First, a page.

On Frugality

My senior year of high school, I was dating a great guy named Tony, who happened to be a silly dreamer, like me.

He had an English teacher–I don’t know her name.  All I remember is that she was pulled out of the ranks of the special ed department for a semester (or maybe it was guidance?) to teach an extra class of Advanced Composition.

If I saw that woman on the street today, I wouldn’t recognize her.  Still, I think of her often because of the effect she had on me, through Tony.  In a semester she managed to turn us both on to Thoreau and Emerson, Chomsky and fifteen other progressive dreamers, living and dead, but mostly onto one big word.  That is, frugality.

I learned the word right about the same time I first read On The Road, which you can imagine was a pretty revealing event for little old high school me.  It was also mid-way through my RENT obsession.  My friends and I, we latched onto stories about giving everything up and living in the country, in the city, or on the move, depending on our mood that day–any place but here, basically.

High School Rachael, dreaming.

You can trump all that up to teenage wanderlust, and in part you may be right.  But a big part of the desire to get up, get gone, and live free transcends high school angst entirely.  Granted, not much has changed for me in the six or seven years since then.  Sure, I live on my own.  I know a little more about growing veggies these days thanks to a stint on a farm.  I’ve traveled in Europe, yes, and a lot fo that on foot.  And oh yeah, I’ve got a degree in Medieval European History.  I’m living the tiny apartment life and don’t own much, but I’m hardly self-sustaining, hardly an artist, and I don’t really produce anything.  I don’t really personify any of our ideals, including the ideal of frugality.

That’s what it was though–an ideal.  Something almost beyond reach, yet still so visible you know it must be real.  Coming from an upper-middle class existence, deep in the heart of wealthy, conservative suburbia, it came to embody everything we wanted.  A life dependent upon people, not things.  One day it was wanting to set off for Yates’ “Lake Isle of Innisfree”, the next it was finding a tough old beater and setting off for California or Washington State.  Moving to NYC on a whim was maybe the most popular option, to a flat without heat in a part of Manhattan that, I’m sad to say, doesn’t really exist.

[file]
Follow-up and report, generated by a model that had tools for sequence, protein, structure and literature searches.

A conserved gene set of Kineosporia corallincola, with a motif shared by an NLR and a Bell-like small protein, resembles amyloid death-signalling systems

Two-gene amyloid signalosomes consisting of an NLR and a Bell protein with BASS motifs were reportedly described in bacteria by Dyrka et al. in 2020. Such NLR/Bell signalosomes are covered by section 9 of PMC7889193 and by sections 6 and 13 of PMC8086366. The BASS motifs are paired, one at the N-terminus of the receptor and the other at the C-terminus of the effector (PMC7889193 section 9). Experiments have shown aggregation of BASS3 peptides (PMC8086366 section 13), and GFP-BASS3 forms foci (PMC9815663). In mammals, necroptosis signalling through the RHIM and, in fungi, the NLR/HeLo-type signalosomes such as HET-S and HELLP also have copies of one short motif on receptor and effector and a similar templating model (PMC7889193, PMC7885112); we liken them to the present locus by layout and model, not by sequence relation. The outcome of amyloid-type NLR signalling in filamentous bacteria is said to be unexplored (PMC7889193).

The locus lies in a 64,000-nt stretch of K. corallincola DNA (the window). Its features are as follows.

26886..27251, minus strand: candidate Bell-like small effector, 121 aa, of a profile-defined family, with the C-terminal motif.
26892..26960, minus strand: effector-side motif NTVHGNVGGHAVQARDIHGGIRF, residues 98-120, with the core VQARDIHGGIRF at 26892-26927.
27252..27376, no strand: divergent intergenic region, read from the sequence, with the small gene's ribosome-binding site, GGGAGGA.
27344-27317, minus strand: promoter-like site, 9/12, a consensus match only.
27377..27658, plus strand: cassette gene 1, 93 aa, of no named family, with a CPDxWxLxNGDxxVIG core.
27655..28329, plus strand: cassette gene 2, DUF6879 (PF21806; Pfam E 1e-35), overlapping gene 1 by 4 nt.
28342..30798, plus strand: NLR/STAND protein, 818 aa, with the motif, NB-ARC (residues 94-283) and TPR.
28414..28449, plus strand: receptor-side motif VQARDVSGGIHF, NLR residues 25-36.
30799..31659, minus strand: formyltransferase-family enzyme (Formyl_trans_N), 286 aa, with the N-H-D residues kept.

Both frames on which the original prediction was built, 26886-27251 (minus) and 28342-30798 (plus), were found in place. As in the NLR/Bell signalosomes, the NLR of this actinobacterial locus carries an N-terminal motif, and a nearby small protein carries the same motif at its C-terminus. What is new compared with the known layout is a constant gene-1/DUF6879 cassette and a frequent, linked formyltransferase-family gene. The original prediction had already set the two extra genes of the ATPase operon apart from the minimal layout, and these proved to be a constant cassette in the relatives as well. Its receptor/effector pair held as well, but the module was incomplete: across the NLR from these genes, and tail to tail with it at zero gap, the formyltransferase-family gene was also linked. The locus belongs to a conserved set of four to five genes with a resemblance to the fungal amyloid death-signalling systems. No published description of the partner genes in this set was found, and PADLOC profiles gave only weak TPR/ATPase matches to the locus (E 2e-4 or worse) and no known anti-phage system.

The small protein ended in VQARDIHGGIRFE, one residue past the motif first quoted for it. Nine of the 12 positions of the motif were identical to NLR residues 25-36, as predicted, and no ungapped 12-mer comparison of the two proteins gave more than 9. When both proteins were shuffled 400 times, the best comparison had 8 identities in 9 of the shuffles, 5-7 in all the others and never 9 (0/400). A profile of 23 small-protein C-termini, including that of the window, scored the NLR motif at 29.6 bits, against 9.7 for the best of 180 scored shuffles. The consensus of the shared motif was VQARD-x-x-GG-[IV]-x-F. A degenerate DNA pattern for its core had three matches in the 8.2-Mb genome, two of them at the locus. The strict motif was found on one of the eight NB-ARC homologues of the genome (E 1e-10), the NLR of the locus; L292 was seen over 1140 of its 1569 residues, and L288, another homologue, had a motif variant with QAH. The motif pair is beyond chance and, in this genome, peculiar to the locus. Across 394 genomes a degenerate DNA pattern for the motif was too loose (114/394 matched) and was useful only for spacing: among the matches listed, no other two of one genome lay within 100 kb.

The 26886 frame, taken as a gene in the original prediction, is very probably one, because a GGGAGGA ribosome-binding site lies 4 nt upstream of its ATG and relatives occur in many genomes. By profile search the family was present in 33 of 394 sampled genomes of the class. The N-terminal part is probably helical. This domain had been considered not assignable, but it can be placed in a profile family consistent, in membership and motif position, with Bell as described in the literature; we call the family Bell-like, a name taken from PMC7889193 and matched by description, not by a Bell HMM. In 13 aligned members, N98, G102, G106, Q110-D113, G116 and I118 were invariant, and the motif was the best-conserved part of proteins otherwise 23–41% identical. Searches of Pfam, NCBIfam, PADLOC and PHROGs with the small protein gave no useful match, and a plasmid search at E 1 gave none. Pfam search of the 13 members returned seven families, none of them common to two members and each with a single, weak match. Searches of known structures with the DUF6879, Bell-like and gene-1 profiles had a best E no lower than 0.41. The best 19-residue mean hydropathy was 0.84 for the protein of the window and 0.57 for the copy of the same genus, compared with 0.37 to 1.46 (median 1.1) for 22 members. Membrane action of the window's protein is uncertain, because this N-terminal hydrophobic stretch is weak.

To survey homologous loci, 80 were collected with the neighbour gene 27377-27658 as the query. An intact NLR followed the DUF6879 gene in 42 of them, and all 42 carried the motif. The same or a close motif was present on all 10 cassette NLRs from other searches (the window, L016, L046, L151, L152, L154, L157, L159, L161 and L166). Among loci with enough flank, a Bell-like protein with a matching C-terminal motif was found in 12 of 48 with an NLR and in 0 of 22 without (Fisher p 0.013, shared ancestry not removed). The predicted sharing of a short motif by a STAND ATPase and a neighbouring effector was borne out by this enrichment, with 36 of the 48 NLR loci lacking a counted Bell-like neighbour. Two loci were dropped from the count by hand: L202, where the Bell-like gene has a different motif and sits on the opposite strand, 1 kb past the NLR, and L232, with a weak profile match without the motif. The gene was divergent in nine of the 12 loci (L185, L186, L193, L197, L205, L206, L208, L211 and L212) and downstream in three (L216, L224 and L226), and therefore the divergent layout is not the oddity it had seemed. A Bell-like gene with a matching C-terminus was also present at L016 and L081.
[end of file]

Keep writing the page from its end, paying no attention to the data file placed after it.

What I’m trying to say, I guess, is that those dreams in high school–they weren’t a phase for me.  I still dream them daily.  Sure, they’ve changed a bit, maybe gotten a little more practical, maybe less.  I tend stick to how-to manuals more and cling to Thoreau less.  But still, that’s what I think about every single day.  Living frugally.  Not being dependent upon ‘stuff’.  Being a producer, not a consumer, and living the new magic word: ‘sustainably.’

I’m twenty-four years old now.  Time to start thinking practically.  But I’m just as much of an idealist now as I was then–convinced that living simply can make me happy.  I have no interest in making money, only paying off my bills.  Freedom–that’s what I dream of.  To be free–whatever that means.

I’m reading this book about “American Nomads”, from conquistadors to plains Indians to boxcar hobos and hippies, so of course my “give it all up” dreams are turned up to eleven today.  Just reading it, I get frustrated, going insane thinking about places that maybe don’t even exist.

Richard Grant, in this book, sees the American desire for freedom, freedom, freedom as two separate and sometimes conflicting things.  One is that “Immigrant’s Creed of Liberty”–the desire to own land, live off it, and be left alone to do it without government meddling.  The other sort of “liberty” is what he calls the “Nomad’s Creed: that freedom is impossible and meaningless within the confines of sedentary society, that the only true freedom is the freedom to roam across the land, beholden to no one.”

If I’ve caught both bugs, then maybe I’m in trouble, as they in no way agree.  But I’m consoled by their one unifying theme, which is of course, frugality.  Some days I want to own land and work it and die and be buried in it and pass it on to my children.  Other days I want to hitchhike to Idaho and just keep moving.   I guess I’ll probably find a mix of both as life goes along, just so long as I “live deliberately” as my old idealist buddy Thoreau said, “to front only the essential facts of life, and see if I can’t learn what it has to teach, and not, when I come to die, discover that I have not lived.”

But for the present, I’ve done some things right.  In high school, all we could dream of was independence, of course–a crappy apartment somewhere in the city where we’d sit and read books all the livelong day.  Check.

Tony, who’s now in grad school in Virginia, also recently informed me that Netflix likes to recommend many “Biographical Fight-The-System Documentaries.”  Sounds pretty consistent to me.


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~ by Rachael on March 31, 2011.

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